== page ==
Last week Alex Thissen and I competed in the RAD Race 2006. We arrived Thursday at 7 in the morning to setup our computers, and we got the assignment at 8. From then it was full speed until 6 in the evening. Again at Friday we started at 8 in the morning, and went full stop at 3 in the afternoon. Then the jury came to see what modules everyone had completed. And it wasn’t as much as they expected.
Normally in the RAD Race, the second day is for change requests. You get a new set of modules which may be completely new functionality, but also changes on modules you (might have) already completed. But the organizers probably underestimated the complexity of the assignment, because none of the teams were up for the change requests. This resulted in another day to work on the same assignment, and even than no one completed the assignment fully.
The assignment was to create an application to create workshops, seminars and conferences. Visitors should be able to register for these events. All three were different in a way, which made it really complex. Conferences could span multiple days and have multiple (parallel) sessions per day, where a workshop could span multiple days, but could only be registered as a whole by visitors. Additional requirements were multiple webservices for credit card registration, management functionality for editing employees, users, assigning hotels and speakers to events, and more.
Everyone of course worked really hard for two days, and many teams had all different kinds of problems. One team implemented a large module, to see it crash in the end because they hadn’t tested it anymore. Another team had some problems with their framework. A lot of teams overlooked minor requirements in the specifications, or just didn’t implement parts because of the complexity.
One of our problems was that we completely focused on WinForms, where about 80% of the assignment was web-based, which made us decide to go completely for a web application. We could’ve had setup a complete website with user registration and all, which is something we’ll definitely do if we’ll compete next year. 😉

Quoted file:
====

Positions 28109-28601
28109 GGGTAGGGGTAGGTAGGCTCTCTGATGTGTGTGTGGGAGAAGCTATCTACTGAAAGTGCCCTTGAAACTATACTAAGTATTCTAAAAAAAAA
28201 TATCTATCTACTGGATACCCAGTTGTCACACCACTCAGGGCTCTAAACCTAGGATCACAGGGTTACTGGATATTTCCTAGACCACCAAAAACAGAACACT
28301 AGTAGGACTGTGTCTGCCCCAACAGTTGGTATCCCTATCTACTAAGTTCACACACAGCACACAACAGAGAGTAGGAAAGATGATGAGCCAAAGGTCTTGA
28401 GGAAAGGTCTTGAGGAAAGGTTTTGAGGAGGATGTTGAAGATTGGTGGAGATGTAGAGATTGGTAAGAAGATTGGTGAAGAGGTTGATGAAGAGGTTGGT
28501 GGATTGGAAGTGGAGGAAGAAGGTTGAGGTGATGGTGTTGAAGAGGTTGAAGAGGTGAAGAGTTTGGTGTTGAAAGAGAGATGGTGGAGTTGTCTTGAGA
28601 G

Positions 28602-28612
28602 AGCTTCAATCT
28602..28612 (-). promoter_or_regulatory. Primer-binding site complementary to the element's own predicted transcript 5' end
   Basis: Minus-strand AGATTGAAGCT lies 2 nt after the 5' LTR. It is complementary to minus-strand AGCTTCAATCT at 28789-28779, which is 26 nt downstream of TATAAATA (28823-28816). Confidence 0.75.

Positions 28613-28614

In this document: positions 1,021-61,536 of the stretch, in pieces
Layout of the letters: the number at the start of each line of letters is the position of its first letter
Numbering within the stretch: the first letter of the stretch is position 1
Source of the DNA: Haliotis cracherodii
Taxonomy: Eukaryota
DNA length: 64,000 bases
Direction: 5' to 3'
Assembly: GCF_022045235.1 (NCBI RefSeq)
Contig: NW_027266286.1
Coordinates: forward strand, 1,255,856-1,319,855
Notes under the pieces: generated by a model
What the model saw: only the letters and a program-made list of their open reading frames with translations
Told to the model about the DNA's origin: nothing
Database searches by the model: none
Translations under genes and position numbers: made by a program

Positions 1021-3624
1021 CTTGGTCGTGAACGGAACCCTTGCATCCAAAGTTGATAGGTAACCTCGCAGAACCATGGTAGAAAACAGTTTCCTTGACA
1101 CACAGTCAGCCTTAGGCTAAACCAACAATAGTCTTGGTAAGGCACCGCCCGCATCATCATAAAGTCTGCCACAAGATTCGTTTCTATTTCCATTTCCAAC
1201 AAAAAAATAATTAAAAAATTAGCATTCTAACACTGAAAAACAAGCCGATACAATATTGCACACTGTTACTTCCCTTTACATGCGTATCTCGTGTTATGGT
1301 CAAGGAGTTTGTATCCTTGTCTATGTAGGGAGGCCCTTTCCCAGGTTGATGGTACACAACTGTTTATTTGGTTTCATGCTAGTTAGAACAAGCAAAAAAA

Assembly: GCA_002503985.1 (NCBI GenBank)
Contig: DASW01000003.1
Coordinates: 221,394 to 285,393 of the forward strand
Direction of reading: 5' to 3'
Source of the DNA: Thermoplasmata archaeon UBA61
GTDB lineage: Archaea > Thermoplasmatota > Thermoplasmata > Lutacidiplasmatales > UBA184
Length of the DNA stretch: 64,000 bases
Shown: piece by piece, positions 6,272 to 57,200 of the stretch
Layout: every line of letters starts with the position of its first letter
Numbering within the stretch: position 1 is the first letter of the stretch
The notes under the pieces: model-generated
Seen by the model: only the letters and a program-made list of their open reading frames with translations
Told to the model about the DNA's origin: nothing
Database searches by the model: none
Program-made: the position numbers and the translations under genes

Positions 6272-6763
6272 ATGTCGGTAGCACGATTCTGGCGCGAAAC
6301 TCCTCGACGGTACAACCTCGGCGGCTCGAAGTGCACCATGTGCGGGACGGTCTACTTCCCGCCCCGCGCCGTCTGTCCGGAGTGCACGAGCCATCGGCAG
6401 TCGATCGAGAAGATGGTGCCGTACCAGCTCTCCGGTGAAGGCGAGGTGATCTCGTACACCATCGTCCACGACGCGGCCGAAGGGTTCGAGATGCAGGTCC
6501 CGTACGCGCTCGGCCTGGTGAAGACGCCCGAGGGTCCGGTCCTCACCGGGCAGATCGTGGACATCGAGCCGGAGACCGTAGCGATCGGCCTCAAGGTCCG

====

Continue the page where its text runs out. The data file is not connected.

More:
The tools we’ve used are Visual Studio 2005 and of course Microsoft .NET 2.0 and ASP.NET 2.0. For our database we’ve used SQL-Server 2005 and for generation of our datalayer we’ve used LLBLGen Pro. I’m very pleased with LLBLGen Pro, as for our RAD experience, it was great. Creating an eventcollection, adding a filter and tell it to retrieve the data worked really fast. Optionally adding filters, paths through other tables to retrieve those as well, etc, etc. Two thumbs up in my experience. Perhaps later I’ll add another post how LLBLGen Pro turned out to work in a ‘real’ application using a distributed scenario, which I’m currently working on.
Alex and I both think we didn’t do that bad, but it’s really hard to tell what team really stood out of the rest, or who completed most modules. The assignment was very complex and the jury will have a hard time, I guess.
At the end of next month, we’ll have to see who has finally won, at the Database Systems event, where the winner will be announced. The experience was great though. We have no idea how we performed, compared to the other teams, but we already know next year we’ll do a lot better, as we’ve really learned a lot about Rapid Application Development.